Money Matters - Simplified


Harris to host Video Game Awards show

New York -- U.S. actor Neil Patrick Harris has been tapped to serve as host of Spike TV's 2010 Video Game Awards.

"Neil is a big gamer and a brilliant host," Casey Patterson, the event's executive producer, said in a statement Monday. "Video games are taking over the world and Neil is perfect to lead the 'VGAs' in celebrating the best of the year and the future of gaming."

Israeli sitcom wins Emmy

Jerusalem -- The Israeli sitcom "Traffic Light" won the international Emmy Award for best comedy at a ceremony Monday night in New York.

The show was chosen out of 39 nominees in more than 10 categories presented by the International Academy of Television Arts and Sciences, Haaretz said.

Adir Miller, actor and creator of the show, and producer Elad Kuperman were present at the ceremony, said.

Miller later told the Web site he was trembling when he went up on stage to receive the award.

Filming the U.S. version of the sitcom started this month, the show's writer, Ran Sarig, told Haaretz.

First round of CMA awards announced

Nashville -- Nashville star Miranda Lambert competes against herself in two categories of the first round of nominees announced Tuesday by the Country Music Association.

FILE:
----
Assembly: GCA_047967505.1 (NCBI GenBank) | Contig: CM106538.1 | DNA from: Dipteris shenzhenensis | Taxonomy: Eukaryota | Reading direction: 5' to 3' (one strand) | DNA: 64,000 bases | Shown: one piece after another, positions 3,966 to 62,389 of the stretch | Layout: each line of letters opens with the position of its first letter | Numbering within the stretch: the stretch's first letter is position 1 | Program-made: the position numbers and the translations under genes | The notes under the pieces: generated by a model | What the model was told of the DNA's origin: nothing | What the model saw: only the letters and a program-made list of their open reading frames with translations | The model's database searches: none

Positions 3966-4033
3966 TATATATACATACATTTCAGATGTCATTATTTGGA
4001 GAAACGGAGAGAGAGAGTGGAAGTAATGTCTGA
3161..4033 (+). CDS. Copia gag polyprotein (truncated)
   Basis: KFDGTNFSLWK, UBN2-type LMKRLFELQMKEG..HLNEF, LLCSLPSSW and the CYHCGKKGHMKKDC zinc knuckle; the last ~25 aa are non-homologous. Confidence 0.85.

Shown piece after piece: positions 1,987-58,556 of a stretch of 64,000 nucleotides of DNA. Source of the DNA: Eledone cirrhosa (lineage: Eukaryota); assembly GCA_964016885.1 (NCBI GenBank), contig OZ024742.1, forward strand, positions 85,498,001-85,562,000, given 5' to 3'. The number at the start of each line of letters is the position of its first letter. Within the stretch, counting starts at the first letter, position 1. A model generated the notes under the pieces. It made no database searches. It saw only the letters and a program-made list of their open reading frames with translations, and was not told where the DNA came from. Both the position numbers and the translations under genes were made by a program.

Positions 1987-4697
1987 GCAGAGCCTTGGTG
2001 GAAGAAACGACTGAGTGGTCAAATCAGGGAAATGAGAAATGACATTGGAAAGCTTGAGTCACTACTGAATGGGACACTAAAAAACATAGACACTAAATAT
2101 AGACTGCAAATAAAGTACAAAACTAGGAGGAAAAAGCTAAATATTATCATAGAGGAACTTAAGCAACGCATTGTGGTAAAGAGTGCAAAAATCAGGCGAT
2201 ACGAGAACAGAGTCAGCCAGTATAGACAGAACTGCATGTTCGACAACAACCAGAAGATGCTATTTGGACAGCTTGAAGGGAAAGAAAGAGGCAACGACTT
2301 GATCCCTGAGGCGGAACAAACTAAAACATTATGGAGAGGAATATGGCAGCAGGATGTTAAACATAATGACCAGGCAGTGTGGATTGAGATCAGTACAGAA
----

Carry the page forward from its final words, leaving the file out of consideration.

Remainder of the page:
Nominees were announced in seven categories Tuesday and the remaining five categories will be revealed Wednesday on ABC's "Good Morning America," the CMA said in a news release.

Lambert's songs "The House That Built Me" and "White Liar" are nominated in the the Single of the Year and Music Video of the Year categories. Lambert also is up for Song of the Year for "White Liar," which she co-wrote with Natalie Hemby.

The 44th Annual CMA Awards will be broadcast live from the Bridgestone Arena in Nashville Nov. 10 on ABC.

The categories and nominees announced Tuesday were:

13 vying for Man Booker Prize

London -- Peter Carey's "Parrot and Olivier in America" and Emma Donoghue's "Room" were among the nominees announced in London for the 2010 Man Booker Prize.

The long list for the literary award was unveiled Tuesday.

It also includes Helen Dunmore's "The Betrayal," Damon Galgut's "In a Strange Room," Howard Jacobson's "The Finkler Question," Andrea Levy's "The Long Song," Tom McCarthy's "C," David Mitchell's "The Thousand Autumns of Zacob de Zoet," Lisa Moore's "February," Paul Murray's "Skippy Dies," Rose Tremain's "Trespass," Christos Tsiolkas' "The Slap" and Alan Warner's "The Stars in the Bright Sky."